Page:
As mentioned earlier the C5 comes well supported with the full Ovi service, with this service comes Ovi Maps 3.0 for your navigational needs and more importantly Ovi store, the store is a well stocked site which offers various applications, wallpapers, themes and games for you to add to your device for complete personalization. There is an Ovi Music store for track downloads and information, an Ovi Share feature which allows you to upload and share various media content and finally Ovi Mail which helps you stay in touch with your inbox.

The C5 s music player is well supported with 3.5mm headphone jack so you can plug in your own headphones and up to 16GB of storage via the microSD card slot located in the phone. The media player interface is easy to control and offers various equaliser functions to play with for the sound you want. The C5 package comes with tools for a PC music manager so you can download and organise your tunes ready for playback on your C5.

The Nokia C5 functions very well and has a degree of desirability due to its strong traditional appearance; it has good network and e-mail support as well as a full entertainment centre to play with. In all the latest edition to Nokia s C series family is a well delivered concept.

You can find the

Nokia C5

and

Nokia E5

at phoneslimited.co.uk

Article Source:

ArticleRich.com

Filled Under: Music
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U.S. ISPs to test restricting heavy Internet users

Thursday, June 5, 2008

On June 3rd, 2008, two United States Internet service providers (ISPs) announced they would begin tests to slow web access for their most active customers and charge them for extra speed. Comcast and Time Warner Cable, two of the largest ISPs in North America, both made separate announcements of their plans. The actions come in the wake of an investigation by the Federal Communications Commission (FCC), over whether Comcast had restricted some customers from sharing videos, music, and similar files. The FCC investigation led to a US Congress debate over whether and how much control ISPs should have over the flow of customer data.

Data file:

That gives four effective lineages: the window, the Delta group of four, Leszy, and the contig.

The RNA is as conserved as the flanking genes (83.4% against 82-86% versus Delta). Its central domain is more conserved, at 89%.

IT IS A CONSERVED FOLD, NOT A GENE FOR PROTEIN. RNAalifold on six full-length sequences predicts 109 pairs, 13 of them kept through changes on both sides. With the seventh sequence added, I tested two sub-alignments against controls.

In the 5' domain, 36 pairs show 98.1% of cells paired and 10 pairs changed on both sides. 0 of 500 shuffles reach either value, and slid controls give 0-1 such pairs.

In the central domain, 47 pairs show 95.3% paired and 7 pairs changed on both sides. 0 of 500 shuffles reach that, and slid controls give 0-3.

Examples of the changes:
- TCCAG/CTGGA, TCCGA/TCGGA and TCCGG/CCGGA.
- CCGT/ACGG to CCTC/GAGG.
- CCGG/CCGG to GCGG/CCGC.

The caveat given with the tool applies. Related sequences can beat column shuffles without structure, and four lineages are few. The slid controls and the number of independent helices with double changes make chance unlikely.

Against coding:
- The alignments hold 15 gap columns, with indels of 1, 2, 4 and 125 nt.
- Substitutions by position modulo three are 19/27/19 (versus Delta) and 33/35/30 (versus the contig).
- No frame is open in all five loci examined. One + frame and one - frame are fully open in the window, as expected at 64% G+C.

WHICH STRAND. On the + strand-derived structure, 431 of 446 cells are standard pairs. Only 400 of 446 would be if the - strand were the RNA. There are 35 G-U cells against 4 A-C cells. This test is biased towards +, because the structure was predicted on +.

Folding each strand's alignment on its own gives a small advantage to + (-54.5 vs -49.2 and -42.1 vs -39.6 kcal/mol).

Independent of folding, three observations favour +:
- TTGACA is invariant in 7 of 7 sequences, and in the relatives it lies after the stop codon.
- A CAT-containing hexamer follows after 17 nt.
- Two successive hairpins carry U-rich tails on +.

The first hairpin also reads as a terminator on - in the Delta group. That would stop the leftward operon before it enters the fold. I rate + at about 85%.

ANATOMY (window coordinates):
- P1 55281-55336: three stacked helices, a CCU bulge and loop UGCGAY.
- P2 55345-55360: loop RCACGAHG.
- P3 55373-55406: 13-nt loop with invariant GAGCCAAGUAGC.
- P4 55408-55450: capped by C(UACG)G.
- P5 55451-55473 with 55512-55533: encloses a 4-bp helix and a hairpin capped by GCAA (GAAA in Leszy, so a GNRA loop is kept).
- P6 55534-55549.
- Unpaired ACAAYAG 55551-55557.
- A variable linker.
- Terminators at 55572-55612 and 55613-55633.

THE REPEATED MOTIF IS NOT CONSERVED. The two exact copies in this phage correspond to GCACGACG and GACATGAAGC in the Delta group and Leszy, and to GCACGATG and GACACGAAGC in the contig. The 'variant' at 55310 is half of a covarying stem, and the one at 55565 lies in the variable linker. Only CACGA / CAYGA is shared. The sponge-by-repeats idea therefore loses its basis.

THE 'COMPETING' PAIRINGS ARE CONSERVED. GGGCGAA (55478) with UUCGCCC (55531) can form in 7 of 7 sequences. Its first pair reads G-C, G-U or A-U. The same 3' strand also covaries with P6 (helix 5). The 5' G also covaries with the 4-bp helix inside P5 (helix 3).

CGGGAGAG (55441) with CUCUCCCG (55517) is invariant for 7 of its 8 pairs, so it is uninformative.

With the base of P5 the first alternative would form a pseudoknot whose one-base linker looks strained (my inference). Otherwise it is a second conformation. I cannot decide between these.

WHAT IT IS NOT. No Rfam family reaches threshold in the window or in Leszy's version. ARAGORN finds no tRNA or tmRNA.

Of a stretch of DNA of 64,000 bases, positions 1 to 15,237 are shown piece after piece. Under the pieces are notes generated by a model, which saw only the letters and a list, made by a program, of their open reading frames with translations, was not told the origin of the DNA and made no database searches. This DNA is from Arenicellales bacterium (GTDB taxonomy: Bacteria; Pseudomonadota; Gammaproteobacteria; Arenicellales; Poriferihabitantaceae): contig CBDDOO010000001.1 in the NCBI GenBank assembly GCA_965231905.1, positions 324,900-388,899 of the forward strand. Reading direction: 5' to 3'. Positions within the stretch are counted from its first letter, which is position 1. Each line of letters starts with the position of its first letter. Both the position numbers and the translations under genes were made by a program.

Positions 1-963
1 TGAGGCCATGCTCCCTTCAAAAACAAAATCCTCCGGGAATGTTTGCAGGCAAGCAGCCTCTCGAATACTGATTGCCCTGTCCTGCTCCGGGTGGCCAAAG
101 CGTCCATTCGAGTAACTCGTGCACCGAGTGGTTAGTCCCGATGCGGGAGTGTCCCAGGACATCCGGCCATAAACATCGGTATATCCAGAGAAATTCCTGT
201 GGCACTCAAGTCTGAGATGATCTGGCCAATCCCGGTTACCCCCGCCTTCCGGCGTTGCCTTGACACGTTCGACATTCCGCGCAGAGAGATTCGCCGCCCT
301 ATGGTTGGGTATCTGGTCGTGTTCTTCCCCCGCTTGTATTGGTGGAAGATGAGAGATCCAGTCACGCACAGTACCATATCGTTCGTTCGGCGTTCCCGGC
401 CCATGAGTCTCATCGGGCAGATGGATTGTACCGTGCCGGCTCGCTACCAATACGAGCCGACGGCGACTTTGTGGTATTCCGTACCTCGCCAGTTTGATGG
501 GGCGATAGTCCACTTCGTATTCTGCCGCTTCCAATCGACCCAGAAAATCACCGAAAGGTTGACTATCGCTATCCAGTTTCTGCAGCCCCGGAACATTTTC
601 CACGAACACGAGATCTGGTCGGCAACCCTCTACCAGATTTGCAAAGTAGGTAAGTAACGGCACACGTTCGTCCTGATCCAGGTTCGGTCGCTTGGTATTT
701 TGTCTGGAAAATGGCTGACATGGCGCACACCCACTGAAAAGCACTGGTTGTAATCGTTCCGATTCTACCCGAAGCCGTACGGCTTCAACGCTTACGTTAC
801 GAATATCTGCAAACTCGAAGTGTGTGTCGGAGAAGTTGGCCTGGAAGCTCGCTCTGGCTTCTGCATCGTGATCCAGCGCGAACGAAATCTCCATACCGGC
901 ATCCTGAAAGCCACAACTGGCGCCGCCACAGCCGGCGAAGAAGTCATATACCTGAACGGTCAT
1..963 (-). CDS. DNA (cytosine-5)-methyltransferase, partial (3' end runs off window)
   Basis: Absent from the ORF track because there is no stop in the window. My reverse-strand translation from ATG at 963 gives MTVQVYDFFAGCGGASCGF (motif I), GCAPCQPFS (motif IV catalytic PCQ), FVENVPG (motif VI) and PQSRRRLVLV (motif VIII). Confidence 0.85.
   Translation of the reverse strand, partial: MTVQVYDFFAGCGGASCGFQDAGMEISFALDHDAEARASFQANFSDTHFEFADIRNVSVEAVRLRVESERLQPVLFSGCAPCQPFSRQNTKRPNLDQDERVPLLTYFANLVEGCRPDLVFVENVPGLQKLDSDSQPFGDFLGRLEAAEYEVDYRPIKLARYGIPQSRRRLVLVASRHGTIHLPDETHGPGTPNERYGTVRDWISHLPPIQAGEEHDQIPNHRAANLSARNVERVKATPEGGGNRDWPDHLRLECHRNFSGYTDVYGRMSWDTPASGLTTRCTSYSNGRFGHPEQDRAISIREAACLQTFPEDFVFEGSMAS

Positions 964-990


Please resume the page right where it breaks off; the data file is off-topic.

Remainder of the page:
Public interest groups complained in November 2007 to the FCC that Comcast had specifically targeted customers using applications that made use of the BitTorrent system, a popular form of file sharing. Free Press, an advocacy group that pushes for better oversight of cable operators such as Comcast, stated that Comcast practices were discriminatory towards users of the legal technology. “The cable companies see a hammer hovering above their heads and are scrambling to find ways to reduce the appearance of wrongdoing,” said Ben Scott, head of the group.

According to Roger Entner, a senior vice president from Nielsen IAG, as little as 5 percent of all Internet users may consume as much as 50 percent of all the bandwidth on the Internet. “This is the politically correct version of doing what Comcast had been doing before, though it takes the occasional [peer-to-peer] user off the hook,” Entner said. Sena Fitzmaurice, a Comcast spokesperson, said, “This says we won’t be looking at what type of traffic that there is, even though we still need to manage the network.”

Comcast’s tests are expected to begin in Chambersburg, Pennsylvania and Warrenton, Virginia.

While Comcast will attempt to throttle the speed of all its high-volume users, Time Warner Cable intends to use a different method. They will meter and bill clients, charging more money for faster speeds and larger amounts of transmitted data, functioning more like a traditional public utility, such as an electric company or cell phone service. Their metered billing test will begin on June 5 in Beaumont, Texas for newly enrolled customers. “Instead of raising prices across the board, consumers who are excessive users would pay,” said Alex Dudley, a Time Warner Cable spokesman. “It is clearly the fairest way to fund the investment that is going to be required to support that use.”

An Associated Press report that Time Warner Cable will bill customers between $29.95 to $54.90USD per month has been confirmed by the cable operator, with clients charged an extra $1 for each gigabyte (GB) by which they exceed their purchased plan. Art Brodsky, communications director of Public Knowledge, a consumer advocacy group in Washington D.C., has expressed concerns about the Time Warner Cable plan. Time Warner Cable’s most expensive offering, $54.90, comes with 15 megabits-per-second of data transfer speed and a 40 gigabyte limit on total data transfer.